Watch out for these if they’re coupled with a 30-day money back guarantee because the setup fees are usually not refundable. Web hosts that charge super low fees may go for the setup fee.
You’re more likely to incur a setup fee if you’re going for a high-end hosting solution. Dedicated servers, etc. do require a set-up by an expert, so it’s reasonable to ask to pay for this.
However, most virtual or shared hosts have a pretty much an automated setup process, so there should be no reason to charge a set-up fee.
Double check that the plans and web hosts you’re evaluating have a valid reason for a setup fee.
Will your new host help you to move your site?
It’s simple: sometimes you need to move a large site from your existing web host. This may not be so easy as the server setups can differ a lot which causes your scripts to fail.
Another scenario is if you’re an inexperienced webmaster. Say, you want to move your own simple homepage. You’ll appreciate if someone is there to hold your hand.
If any of these applies to you, check with the web host you’re evaluating. Add a + for the new host that’s willing to help, and add + + if they’re willing to help for free.
This applies to shared/virtual hosting plans.
Your web host will allocate some percentage of the system resource for your site. System resource means things like processor time, memory, database queries, etc.
If you exceed your resource allocation, you’re very likely to be suspended until you reduce your needs. So, if you’re moving to a new shared hosting, make sure your existing site fits well within the resource limits your new web host imposes.
Where to find the amount? This is usually included somewhere in the Terms of Service Agreement. Always read ToS very carefully.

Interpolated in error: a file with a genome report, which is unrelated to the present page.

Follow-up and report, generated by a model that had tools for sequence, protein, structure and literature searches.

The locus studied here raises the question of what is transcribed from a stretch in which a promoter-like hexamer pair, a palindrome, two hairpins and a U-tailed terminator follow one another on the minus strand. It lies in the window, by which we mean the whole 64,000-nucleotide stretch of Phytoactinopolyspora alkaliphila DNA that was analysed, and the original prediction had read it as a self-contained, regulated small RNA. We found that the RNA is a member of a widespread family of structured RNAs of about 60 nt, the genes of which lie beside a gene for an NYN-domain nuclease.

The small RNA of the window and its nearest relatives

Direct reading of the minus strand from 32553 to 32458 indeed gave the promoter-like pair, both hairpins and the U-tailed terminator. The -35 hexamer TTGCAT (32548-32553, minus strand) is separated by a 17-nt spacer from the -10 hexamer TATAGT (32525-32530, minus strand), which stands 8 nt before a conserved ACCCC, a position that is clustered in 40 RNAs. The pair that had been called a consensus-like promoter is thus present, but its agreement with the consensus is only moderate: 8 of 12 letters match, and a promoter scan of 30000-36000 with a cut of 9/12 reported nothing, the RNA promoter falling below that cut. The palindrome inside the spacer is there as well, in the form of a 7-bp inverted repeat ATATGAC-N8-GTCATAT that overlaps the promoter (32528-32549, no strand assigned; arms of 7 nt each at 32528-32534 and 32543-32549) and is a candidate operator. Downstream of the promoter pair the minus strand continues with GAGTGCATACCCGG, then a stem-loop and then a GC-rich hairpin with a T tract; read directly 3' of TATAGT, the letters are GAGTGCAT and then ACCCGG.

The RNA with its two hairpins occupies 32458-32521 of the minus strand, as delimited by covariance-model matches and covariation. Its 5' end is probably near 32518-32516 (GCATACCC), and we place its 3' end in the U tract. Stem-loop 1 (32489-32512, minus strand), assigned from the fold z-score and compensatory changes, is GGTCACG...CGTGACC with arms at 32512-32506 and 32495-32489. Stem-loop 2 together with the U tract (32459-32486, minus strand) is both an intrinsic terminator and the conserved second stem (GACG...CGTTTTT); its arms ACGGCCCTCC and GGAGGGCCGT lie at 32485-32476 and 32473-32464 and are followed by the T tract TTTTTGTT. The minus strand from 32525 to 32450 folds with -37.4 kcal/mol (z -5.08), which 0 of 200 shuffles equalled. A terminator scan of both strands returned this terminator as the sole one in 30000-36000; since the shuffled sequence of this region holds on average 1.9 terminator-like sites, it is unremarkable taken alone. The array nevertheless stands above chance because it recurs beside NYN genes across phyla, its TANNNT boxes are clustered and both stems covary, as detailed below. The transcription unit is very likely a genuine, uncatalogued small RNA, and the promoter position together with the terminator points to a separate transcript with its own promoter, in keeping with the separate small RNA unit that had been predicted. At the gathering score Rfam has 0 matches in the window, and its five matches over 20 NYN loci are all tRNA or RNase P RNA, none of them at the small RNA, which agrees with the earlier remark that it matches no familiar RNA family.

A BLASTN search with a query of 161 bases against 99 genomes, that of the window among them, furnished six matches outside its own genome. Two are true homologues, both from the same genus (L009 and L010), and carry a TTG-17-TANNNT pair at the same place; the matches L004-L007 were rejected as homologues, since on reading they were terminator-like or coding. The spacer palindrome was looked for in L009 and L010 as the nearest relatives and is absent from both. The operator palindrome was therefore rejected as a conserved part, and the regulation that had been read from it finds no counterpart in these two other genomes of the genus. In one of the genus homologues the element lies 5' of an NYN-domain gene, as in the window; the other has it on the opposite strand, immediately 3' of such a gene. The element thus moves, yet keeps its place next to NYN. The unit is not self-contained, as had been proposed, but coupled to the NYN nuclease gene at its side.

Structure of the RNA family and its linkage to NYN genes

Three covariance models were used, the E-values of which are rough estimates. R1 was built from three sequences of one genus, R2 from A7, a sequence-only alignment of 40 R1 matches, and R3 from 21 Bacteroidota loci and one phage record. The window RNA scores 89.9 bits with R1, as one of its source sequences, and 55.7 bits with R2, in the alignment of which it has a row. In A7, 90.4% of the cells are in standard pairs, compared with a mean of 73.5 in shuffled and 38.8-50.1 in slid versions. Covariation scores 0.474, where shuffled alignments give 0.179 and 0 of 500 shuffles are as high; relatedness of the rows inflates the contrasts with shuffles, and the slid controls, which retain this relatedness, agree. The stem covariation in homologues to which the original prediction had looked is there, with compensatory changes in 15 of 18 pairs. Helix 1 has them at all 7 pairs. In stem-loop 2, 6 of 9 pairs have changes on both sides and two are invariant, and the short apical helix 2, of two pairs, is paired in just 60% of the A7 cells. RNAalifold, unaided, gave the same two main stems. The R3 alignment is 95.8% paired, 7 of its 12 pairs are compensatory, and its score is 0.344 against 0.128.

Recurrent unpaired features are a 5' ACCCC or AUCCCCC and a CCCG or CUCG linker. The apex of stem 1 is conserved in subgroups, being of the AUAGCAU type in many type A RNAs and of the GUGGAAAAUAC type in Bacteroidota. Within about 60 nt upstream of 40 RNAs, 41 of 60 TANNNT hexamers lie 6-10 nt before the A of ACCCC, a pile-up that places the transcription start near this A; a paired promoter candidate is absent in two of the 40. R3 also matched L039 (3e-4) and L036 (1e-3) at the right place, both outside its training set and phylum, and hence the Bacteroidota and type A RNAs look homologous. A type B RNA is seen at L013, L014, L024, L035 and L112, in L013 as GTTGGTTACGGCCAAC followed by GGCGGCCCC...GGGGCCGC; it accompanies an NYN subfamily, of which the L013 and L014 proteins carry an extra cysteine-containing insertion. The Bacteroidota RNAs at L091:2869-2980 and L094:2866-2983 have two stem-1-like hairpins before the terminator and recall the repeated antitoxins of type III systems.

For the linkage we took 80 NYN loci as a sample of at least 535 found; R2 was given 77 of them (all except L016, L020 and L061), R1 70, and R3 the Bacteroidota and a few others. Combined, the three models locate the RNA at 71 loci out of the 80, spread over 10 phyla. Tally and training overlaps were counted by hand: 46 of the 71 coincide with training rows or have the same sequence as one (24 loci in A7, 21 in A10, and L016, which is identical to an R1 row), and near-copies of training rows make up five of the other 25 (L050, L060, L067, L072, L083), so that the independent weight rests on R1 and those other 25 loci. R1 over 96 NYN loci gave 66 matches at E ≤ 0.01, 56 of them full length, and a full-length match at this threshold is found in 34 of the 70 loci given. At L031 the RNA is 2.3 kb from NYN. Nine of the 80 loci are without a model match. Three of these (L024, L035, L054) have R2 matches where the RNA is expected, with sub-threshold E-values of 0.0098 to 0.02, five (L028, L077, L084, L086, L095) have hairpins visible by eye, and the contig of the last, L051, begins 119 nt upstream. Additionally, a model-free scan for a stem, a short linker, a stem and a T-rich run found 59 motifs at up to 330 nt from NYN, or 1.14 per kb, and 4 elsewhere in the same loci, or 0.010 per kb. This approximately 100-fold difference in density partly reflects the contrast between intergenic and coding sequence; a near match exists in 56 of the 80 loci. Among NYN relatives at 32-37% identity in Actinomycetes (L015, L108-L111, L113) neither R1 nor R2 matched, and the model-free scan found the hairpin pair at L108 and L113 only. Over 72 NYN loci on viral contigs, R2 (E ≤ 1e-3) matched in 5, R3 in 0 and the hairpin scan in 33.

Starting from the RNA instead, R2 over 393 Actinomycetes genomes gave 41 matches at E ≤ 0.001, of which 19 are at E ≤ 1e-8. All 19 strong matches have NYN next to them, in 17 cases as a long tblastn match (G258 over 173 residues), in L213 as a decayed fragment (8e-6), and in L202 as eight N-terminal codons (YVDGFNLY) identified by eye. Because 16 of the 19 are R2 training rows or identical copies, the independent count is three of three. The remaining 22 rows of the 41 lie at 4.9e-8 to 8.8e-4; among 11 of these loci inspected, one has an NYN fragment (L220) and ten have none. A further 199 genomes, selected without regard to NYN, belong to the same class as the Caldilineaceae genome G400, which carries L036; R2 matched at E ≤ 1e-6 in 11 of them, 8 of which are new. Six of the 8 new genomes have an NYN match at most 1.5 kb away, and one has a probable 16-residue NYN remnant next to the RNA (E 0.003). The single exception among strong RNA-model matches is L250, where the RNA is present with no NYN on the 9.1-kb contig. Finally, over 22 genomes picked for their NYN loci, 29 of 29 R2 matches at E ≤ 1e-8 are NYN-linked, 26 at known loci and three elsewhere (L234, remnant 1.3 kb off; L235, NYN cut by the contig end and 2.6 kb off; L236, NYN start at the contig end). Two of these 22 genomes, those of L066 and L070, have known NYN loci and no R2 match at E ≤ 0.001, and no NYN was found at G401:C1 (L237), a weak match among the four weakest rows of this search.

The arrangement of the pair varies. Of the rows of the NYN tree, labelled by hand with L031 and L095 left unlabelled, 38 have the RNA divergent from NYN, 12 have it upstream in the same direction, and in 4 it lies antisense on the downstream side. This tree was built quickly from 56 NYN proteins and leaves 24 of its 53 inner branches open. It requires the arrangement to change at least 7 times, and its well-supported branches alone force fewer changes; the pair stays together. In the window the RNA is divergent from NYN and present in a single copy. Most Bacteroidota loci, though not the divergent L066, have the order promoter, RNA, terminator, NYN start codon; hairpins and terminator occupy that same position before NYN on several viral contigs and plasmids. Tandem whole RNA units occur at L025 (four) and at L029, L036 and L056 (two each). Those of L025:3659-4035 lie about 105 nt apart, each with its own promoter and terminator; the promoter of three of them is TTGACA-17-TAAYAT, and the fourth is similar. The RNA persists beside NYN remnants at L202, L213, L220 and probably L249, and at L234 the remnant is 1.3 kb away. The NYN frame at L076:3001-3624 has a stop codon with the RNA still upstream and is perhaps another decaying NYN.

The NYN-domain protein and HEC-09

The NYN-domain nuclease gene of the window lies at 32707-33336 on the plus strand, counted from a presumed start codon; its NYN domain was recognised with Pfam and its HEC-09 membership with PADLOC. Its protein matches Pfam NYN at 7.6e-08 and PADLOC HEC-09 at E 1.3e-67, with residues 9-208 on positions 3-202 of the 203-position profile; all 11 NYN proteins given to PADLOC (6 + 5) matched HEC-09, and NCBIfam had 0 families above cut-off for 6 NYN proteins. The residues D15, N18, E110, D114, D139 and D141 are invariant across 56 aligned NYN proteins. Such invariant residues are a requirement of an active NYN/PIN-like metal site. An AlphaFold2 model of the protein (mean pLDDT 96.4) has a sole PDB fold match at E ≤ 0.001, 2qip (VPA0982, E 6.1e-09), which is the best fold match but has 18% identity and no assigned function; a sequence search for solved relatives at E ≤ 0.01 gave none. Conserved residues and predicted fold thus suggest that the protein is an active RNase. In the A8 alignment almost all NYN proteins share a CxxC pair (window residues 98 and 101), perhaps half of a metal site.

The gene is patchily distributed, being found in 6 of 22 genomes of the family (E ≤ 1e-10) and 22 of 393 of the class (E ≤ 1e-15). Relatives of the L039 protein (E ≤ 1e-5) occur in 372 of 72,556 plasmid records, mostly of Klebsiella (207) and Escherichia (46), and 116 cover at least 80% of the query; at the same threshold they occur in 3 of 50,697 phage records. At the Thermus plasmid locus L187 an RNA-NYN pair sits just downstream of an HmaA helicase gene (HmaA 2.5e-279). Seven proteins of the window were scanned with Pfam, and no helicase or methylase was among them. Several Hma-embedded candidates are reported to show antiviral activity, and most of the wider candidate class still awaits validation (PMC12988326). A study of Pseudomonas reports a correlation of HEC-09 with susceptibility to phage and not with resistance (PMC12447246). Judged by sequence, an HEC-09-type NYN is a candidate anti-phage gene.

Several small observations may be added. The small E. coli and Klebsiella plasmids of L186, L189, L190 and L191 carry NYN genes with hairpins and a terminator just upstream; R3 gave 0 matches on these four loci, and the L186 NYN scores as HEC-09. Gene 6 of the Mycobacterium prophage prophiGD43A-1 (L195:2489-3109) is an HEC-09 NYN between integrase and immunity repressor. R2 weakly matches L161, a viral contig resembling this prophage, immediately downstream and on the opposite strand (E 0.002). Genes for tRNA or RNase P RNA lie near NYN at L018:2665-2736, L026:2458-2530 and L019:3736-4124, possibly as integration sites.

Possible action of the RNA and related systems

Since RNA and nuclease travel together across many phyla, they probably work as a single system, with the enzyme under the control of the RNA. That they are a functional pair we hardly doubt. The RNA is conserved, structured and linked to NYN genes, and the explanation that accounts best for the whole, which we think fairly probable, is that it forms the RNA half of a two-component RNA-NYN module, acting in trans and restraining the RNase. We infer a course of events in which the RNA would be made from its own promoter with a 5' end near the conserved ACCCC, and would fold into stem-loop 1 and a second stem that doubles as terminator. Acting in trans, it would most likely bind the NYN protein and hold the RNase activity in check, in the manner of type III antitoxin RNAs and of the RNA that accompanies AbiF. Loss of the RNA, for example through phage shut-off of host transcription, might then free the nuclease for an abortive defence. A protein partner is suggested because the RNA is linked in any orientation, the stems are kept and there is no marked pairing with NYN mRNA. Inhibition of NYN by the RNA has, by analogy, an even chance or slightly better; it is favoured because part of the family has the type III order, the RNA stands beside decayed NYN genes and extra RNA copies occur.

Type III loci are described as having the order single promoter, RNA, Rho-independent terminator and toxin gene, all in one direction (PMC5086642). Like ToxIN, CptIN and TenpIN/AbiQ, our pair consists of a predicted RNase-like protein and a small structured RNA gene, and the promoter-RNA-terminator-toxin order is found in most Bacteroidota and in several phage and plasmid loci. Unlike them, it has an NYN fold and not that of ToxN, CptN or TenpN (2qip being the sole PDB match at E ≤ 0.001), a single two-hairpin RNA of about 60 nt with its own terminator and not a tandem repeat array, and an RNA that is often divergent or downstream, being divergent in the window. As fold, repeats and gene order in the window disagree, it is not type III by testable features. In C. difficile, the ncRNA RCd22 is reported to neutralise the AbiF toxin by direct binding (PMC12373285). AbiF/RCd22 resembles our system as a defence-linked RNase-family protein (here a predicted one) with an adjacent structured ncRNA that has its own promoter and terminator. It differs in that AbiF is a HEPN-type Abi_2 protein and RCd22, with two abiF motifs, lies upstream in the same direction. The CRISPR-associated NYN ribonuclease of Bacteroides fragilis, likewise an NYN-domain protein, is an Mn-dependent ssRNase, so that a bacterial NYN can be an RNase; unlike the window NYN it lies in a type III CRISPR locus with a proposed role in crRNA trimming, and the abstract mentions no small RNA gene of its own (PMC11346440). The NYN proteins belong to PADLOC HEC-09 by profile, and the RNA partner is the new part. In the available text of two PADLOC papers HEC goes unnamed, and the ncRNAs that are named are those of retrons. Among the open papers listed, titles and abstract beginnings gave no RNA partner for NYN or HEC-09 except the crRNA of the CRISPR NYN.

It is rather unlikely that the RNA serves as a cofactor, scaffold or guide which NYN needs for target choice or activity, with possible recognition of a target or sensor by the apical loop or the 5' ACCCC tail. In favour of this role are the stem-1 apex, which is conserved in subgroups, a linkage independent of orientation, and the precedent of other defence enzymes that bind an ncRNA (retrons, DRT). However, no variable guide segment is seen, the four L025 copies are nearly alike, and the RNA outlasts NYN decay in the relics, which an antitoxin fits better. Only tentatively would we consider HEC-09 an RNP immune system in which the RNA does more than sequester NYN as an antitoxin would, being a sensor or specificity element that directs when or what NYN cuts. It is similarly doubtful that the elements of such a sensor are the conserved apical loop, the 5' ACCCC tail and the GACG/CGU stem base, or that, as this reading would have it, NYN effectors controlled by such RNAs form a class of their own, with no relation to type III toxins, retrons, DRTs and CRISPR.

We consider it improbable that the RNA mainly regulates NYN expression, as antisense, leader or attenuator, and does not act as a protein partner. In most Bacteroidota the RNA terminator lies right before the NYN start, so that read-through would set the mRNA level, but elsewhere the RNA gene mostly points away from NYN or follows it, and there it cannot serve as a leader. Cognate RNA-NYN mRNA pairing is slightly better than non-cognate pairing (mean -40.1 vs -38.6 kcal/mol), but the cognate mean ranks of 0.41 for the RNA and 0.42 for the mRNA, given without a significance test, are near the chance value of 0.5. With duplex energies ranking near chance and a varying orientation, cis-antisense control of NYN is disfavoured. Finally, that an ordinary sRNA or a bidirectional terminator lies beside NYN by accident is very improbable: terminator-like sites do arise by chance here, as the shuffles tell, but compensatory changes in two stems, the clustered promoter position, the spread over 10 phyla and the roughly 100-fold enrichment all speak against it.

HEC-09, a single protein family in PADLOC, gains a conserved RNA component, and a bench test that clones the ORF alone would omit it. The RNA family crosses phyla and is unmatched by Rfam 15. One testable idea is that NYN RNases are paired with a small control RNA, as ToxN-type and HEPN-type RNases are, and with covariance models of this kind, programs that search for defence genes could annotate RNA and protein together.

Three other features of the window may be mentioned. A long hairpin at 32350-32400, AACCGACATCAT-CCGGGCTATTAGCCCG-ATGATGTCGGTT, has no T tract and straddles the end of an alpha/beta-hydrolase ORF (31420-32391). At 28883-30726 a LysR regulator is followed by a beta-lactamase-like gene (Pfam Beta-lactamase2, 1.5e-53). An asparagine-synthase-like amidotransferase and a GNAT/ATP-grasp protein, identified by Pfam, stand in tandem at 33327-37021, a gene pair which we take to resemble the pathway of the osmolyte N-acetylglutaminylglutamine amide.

Shared Hosting vs. Reseller
It used to be that shared hosting was for one web site and reseller was for reselling web space. Today, however, shared hosting plans allow to host multiple web site (Check for this!), and reseller plans are used for everything except reselling.
Here’s the deal:
If you want to host more than one web site, make sure your shared/virtual hosting plan supports that.
Keep in mind that ALL the sites hosted on the shared plan SHARE the same resource limits (space, bandwidth, processor time, memory, etc.). Additionally, reselling hosting services on a shared plan may violate your Terms of Service Agreement.
If you want to every web site hosted by you to have separate resource allocation and their own control panel, then go for the reseller plan.
Note, that reseller plans are usually more expensive than shared hosting plans. This is because resellers are more likely to use up most of the resources allocated to them whereas shared plans are not. More on this in our How Crowded is Your Server? section.
How Crowded is Your Server?
Unless you are going for a dedicated server, you will have neighbors.
The question is how many? In our experience, the usual number of web sites hosted on shared environments is about 300 per server.
Why is having so many neighbors bad?
Well, most of these sites will share the same IP address. If even one of the sites gets attacked (such as the Denial of Service type of attack), your host will most likely block the IP address.
This means that all sites that use this shared IP address will be inaccessible. The web host, then, will try to figure out who is the target of the attack and block the individual site.
Now, if you got 300 sites any of them might be the target, and you’re 300 times more likely to suffer the consequences of even one of the sites being attacked.
You should definitely find out how many sites will be hosted on your server. And consider getting your own IP address.
Alright. If you followed this guide carefully, you should have a pretty good idea of your potential web host.
If you have additional points or you discovered more of the web hosting fine print, let us know!